Wastewater Treatment plant.

ClearCove Systems Inc. is focused on wastewater treatment solutions that produce
cleaner water, reduce energy costs, and enable more efficient production of biogas from
organic waste. Its patented primary treatment process offers greater environmental
protection from storm events and helps wastewater treatment plants to reach energy
self-sufficiency through lower utility costs and greater bio-fuel production potential.

Thursday, January 30, 2014

Constellation to Develop 27 MW Biogas Co-Generation Power Plant for City of Los Angeles Bureau of Sanitation

Constellation today announced that it has signed an agreement with the City of Los Angeles to design, build and operate a 27-megawatt (MW) renewable energy power plant at L.A. Sanitation’s Hyperion Treatment Plant.

Hyperion is among the 10 largest wastewater treatment facilities in the world, according to a 2012 Engineering News Record report. The sewage treatment process at Hyperion generates a class 1 renewable fuel known as digester gas. The new power plant, which will cost approximately $130 million to construct, will use the digester gas produced at Hyperion as its primary fuel source. The power plant will produce steam and electricity that will be used to operate Hyperion’s treatment operations.

“This state-of-the-art facility will reduce emissions at the Hyperion plant and secure for our city a new energy source that is reliable, efficient and sustainable,” said Traci Minamide, L.A. Sanitation’s chief operating officer.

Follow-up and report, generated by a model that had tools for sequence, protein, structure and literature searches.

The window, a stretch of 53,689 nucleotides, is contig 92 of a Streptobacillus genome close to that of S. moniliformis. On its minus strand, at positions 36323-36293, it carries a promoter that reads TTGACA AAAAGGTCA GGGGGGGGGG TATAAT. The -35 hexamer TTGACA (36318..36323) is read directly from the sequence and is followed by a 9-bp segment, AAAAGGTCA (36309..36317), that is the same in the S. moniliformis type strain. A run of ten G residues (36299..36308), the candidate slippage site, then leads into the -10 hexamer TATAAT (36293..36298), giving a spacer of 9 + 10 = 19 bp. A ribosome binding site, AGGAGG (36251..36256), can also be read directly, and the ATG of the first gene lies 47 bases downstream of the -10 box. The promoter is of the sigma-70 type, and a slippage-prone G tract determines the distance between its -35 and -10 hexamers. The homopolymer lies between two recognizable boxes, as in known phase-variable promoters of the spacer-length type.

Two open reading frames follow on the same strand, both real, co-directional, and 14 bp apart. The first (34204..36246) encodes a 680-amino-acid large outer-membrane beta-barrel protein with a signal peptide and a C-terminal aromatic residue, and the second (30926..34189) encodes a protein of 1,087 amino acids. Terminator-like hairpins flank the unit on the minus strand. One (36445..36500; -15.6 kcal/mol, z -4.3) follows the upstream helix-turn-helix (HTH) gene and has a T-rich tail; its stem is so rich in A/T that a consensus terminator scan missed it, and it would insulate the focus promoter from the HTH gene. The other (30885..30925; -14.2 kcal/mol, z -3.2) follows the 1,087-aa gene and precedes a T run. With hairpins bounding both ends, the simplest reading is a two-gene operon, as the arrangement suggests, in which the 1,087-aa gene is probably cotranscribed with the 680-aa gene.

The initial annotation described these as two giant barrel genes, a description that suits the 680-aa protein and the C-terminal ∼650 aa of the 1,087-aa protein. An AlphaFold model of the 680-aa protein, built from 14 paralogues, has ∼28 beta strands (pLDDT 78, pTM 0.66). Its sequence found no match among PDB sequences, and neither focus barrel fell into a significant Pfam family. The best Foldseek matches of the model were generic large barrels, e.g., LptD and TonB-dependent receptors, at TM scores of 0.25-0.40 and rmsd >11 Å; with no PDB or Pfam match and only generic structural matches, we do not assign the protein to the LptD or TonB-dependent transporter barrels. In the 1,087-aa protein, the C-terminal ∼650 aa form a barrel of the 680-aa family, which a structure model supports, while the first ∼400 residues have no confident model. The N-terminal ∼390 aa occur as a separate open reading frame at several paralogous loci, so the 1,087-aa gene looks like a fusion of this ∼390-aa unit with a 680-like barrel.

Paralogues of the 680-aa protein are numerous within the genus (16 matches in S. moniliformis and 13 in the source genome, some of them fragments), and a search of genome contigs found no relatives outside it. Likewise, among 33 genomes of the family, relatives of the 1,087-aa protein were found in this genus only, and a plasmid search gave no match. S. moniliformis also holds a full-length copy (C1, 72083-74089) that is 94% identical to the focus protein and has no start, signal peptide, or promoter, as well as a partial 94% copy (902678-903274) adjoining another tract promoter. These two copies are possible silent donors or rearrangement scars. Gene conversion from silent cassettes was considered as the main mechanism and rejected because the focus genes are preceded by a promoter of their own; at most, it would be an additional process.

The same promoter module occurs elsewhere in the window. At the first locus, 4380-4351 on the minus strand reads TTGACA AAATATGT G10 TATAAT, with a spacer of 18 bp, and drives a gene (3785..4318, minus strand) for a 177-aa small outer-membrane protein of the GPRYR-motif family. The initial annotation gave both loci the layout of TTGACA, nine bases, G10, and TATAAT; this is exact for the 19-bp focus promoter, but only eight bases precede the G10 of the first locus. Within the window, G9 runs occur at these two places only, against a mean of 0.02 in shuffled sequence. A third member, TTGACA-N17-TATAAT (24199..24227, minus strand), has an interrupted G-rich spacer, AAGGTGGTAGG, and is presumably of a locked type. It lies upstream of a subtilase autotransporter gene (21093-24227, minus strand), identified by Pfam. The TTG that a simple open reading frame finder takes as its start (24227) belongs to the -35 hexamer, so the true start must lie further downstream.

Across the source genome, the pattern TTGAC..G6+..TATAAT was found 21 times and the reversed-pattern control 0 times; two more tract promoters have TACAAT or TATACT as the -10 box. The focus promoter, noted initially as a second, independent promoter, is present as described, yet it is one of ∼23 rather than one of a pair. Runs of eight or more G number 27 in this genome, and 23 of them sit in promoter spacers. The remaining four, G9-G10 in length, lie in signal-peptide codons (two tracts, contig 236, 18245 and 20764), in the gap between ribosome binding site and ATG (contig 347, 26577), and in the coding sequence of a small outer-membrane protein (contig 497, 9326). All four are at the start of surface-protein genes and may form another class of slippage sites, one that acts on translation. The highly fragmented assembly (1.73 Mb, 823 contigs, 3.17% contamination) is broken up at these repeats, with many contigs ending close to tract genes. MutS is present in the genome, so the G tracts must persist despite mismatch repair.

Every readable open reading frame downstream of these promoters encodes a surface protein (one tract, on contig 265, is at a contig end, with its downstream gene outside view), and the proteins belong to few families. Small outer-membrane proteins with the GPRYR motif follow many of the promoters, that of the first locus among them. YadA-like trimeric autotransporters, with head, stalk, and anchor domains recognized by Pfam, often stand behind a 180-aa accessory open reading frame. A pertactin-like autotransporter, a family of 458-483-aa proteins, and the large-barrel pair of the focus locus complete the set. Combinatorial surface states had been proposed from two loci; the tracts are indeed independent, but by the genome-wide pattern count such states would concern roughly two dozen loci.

“Constellation is uniquely qualified to develop and operate this integrated, self-sustaining solution for the City of Los Angeles and L.A. Sanitation,” said Gary Fromer, senior vice president, energy management programs, Constellation. “Our objective is to deliver and operate for the city a power plant that will become a nationwide model for reliable, cost-efficient, sustainable power solutions at wastewater treatment facilities.”

L.A. Sanitation selected Constellation as the project developer after a lengthy competitive bidding process. Constellation and its subcontractors will develop, construct and operate the co-generation facility for 10 years, with an option to extend the agreement for five additional years. Commercial operation of the Hyperion co-generation facility is expected by the end of 2016.